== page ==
Martine Boudreaux wins award for inclusive education at Bishop England

CHARLESTON — For parents like Jennie and Reid Banks, the Options Program at Bishop England High School has been a God-send.
Their daughter Hope just completed her freshman year at the school, and it was an unqualified success. As a child with special needs, Hope was assimilated into every aspect of school life through Bishop England’s inclusion program.
In addition to making friends and being in the school play, Hope played powder-puff football, entered the art show, made the honor roll and earned 30-plus service hours for her volunteer work. Banks said she could not praise the program or its director, Martine Boudreaux, enough.
As an expression of her gratitude, Banks nominated Boudreaux for the Edward M. Shaughnessy III Serving All God’s Children Award. And she wasn’t the only one. Boudreaux was also nominated by four other people, including David Held, school principal; Sister Julia Hutchison, SND, diocesan superintendent of schools; Cindi May, an associate professor of psychology at the College of Charleston and leading proponent for inclusive education; and Kate Cusick, another parent.
Boudreaux said when she found out she had won the award, she was overwhelmed and humbled. She added that it should not be for her, but for the entire school because she could not have done it without the support of faculty, students and parents.
“It’s the team that makes this happen,” she said.
She will travel to Louisville, Ky., to receive the award July 1 along with Angela Joos, an Options teacher; Held and May. Boudreaux said her mom, Julie Nesbit, will also meet her there.
“This honor is the absolute Heisman Trophy for inclusive education,” Held wrote in an e-mail. “We are so proud that Martine’s natural gifts, extraordinary commitment to inclusion, ability to encourage teachers, and her love of students is being recognized on such a large scale.”  
The program has been such a success that other schools have also taken notice, and officials from at least eight states have either visited or plan to visit, Boudreaux said in a phone interview with The Miscellany.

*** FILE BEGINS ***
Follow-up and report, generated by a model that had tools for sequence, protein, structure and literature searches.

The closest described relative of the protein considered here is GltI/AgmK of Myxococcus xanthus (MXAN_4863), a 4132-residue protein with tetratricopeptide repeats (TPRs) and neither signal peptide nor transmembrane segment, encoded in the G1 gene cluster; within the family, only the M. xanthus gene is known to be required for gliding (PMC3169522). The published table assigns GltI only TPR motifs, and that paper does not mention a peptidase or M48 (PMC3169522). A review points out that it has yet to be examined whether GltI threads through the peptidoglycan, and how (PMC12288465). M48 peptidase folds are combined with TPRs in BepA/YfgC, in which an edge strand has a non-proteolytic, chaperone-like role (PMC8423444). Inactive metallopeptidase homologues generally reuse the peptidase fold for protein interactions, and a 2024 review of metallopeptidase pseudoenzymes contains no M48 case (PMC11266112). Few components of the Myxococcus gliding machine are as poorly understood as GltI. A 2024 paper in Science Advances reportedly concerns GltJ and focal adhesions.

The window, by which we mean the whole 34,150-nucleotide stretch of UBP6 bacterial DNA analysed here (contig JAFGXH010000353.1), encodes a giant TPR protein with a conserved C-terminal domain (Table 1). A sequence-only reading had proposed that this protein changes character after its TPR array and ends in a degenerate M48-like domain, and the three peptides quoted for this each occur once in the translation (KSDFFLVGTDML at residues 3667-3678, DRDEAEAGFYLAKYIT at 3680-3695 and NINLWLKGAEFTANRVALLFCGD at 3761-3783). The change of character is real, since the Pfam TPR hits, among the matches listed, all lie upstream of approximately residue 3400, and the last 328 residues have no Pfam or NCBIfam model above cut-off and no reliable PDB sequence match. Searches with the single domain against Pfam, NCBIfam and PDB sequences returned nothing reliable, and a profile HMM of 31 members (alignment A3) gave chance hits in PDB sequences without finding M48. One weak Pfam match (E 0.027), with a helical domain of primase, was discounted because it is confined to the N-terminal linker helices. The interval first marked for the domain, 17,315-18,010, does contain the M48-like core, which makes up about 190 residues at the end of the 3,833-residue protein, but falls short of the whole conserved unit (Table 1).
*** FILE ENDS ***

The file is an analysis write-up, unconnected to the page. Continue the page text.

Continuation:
Two of those schools have inclusion programs that Bishop England helped set up.  
She said most of the comments she receives revolve around how accepting the student body is of the special needs teenagers. They are greeted by name, given high-fives in the hallway, and included in the social scene of high school life, Boudreaux said.
“They’re part of all that regular teenage stuff,” she said.
May attributes this all-important inclusion to the foresight of Boudreaux.
“Martine had the experience and wisdom to recognize that full inclusion would be successful only if students with special needs were embraced not only by the faculty but also, and perhaps more importantly, by their peers,” May wrote in her nomination letter.
To make sure social inclusion was a success, Boudreaux created the Options Scholars and Peer Buddies programs.
The scholars are advanced placement students who work one-on-one with those in Options to help them reach their academic benchmarks, Boudreaux said. They read together for comprehension, study chemistry, work on math and more.
She said there is no limit to what they can accomplish.
As an example, May tells the story of one young man who spent his elementary years doing nothing more than counting because that is all his teachers expected of him. Within six months of joining the Options program, he had learned to add, subtract, multiply, divide and perform basic algebra.
They blossom socially too. Each month, peer buddies meet for a pizza party to plan social outings for the next month. They go shopping, bowling, to school dances, basketball tournaments, football games and movies.
Sam Hazeltine, one of the Options students, was voted class king two years in a row.
“For the student body to vote him king speaks volumes about the acceptance of the students,” Boudreaux said. “I have seen every single one of them come out of their shell and just be so confident that they are part of the student body.”
Banks said her daughter has always been confident and independent, but she was glad Hope had a peer group to show her around and eat lunch with her.
“This really helps other kids understand their disabilities and their abilities,” Banks said. “Our teenagers have the same desires and dreams and fears as them. They’re more like them than they are different.”
Bishop England introduced inclusive education two years ago. They have three special needs students who are rising juniors, one rising sophomore, and two incoming freshman.
As the program grows, Boudreaux said she hopes to expand the parameters so more children can attend.
She also challenges all Catholic elementary schools to implement a similar plan.
“It’s important for them to start at the beginning,” she said.
A National Board Certified Teacher in special education, she received her undergraduate degree from Furman University and her master’s from the College of Charleston. Boudreaux taught in public schools in Summerville for 11 years before being hired to run the Options program at Bishop England.
For more information, about the Options program, visit